543 F.3d 294 (6th Cir. 2008), 07-3536, Niemi v. NHK Spring Co., Ltd.
|Citation:||543 F.3d 294, 88 U.S.P.Q.2d 1321|
|Party Name:||Richard K. NIEMI, doing business as Richard K. Niemi Design and Engineering Services; and RKN Technology, L.L.C., Plaintiffs-Appellants, v. NHK SPRING CO., LTD.; NHK International, Ltd.; and New Mather Metals, Inc., Defendants-Appellees.|
|Case Date:||September 19, 2008|
|Court:||United States Courts of Appeals, Court of Appeals for the Sixth Circuit|
Argued: July 31, 2008.
Robin H. Kyle, Robin H. Kyle, J.D., LL.M., Detroit, Michigan, for Appellants.
Patrick F. Hickey, Dykema Gossett, Detroit, Michigan, for Appellees.
Robin H. Kyle, Robin H. Kyle, J.D., LL.M., Detroit, Michigan,
Donald E. Schlyer, Schlyer & Associates, Merrillville, Indiana, for Appellants.
Patrick F. Hickey, Michael A. Little, Dykema Gossett, Detroit, Michigan, for Appellees.
Before: DAUGHTREY and McKEAGUE, Circuit Judges; VAN TATENHOVE, District Judge.[*]
McKEAGUE, Circuit Judge.
Plaintiff Richard K. Niemi devised a new method of manufacturing stabilizer bars for automobiles in 1990, a “ trade secret." He alleges he disclosed this method to defendant New Mather Metals, Inc., only after entering into an oral confidentiality agreement. Pursuant to this agreement, New Mather was allowed to use the manufacturing process in exchange for its promise to maintain its secrecy and to grant plaintiff the exclusive right to perform all design work for New Mather. In 1998, Niemi learned that New Mather had breached the agreement by entering into design contracts with other parties. Niemi brought suit for misappropriation of trade secret, breach of contract, and promissory estoppel. The district court dismissed the claims against New Mather's parent corporation, NHK Spring Co., Ltd., for lack of personal jurisdiction and awarded summary judgment to New Mather on all of Niemi's claims. Niemi has timely appealed these rulings.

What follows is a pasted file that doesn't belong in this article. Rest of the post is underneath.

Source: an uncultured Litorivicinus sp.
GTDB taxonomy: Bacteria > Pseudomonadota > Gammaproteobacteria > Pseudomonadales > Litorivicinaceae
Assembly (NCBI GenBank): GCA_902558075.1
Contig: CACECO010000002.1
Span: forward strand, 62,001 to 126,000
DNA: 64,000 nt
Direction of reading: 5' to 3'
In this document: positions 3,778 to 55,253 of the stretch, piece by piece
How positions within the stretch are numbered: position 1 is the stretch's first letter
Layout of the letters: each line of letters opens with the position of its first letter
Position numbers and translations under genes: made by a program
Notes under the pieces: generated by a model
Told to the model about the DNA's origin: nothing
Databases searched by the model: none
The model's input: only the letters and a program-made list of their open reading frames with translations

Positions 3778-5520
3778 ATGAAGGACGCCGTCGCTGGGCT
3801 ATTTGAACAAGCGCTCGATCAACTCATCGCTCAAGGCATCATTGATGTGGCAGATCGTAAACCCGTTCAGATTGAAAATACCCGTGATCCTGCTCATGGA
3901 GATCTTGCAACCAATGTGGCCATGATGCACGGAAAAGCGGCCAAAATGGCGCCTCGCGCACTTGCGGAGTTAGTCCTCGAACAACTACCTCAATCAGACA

On careful consideration of the record, we uphold the district court's dismissal of the claims against NHK Spring Co., but conclude there is sufficient evidence to create genuine issues of material fact on the trade secret and promissory estoppel claims. For the reasons that follow, the summary judgment rulings on these two claims are vacated and the matter remanded for further proceedings.
I. FACTUAL BACKGROUND
Despite having little more than a high school education, plaintiff Richard K. Niemi has, since the 1960s, made a living in the engineering design business in the metropolitan Detroit area. Although his employment situation has been subject to numerous changes over the years, his involvement in the “ bender business," i.e., creating machines and tools to manufacture stabilizer bars for automobiles, has been a constant, as he has serviced customers like New Mather Metals, Inc. of Toledo, Ohio (defendant herein), General Motors Corporation, and Chrysler Corporation. Niemi performed engineering design work for New Mather from 1967 to 1998. During this period, Niemi conducted his business operations informally; apart from quotations, purchase orders and invoices, written documentation was rarely used. During the early 1990s, when the transactions giving rise to this action took place, Niemi operated under the name “ Richard K. Niemi Design and Engineering," as a sole proprietorship. Since 1997, Niemi has conducted business, as “ 50/50 partners" with his son Mark, under the name “ RKN Technology, LLC." RKN Technology operates out of Mark's home in South Lyon, Oakland County, Michigan.
In 1990, Niemi approached Denzil Sheckler, of New Mather, to discuss a new method of manufacturing stabilizer bars for automobiles. New Mather was interested in the new method and, in September 1990, issued the first purchase order requesting Niemi to incorporate the new method design into the manufacturing tooling. Although the purchase order was
accompanied by a statement of standard terms and conditions providing that “ no other or different terms or conditions shall apply to this order unless specifically agreed to in writing by the authorized officer of Purchaser," Niemi contends he obtained New Mather's assurance that the new method “ would remain confidential" even before he disclosed it. Niemi aff. ¶ 3, JA 37. He did not reduce this “ confidentiality agreement" to writing in the form of a license because he trusted New Mather as “ honorable people of integrity I've dealt with for thirty years." Niemi dep. at 238-39, JA 98.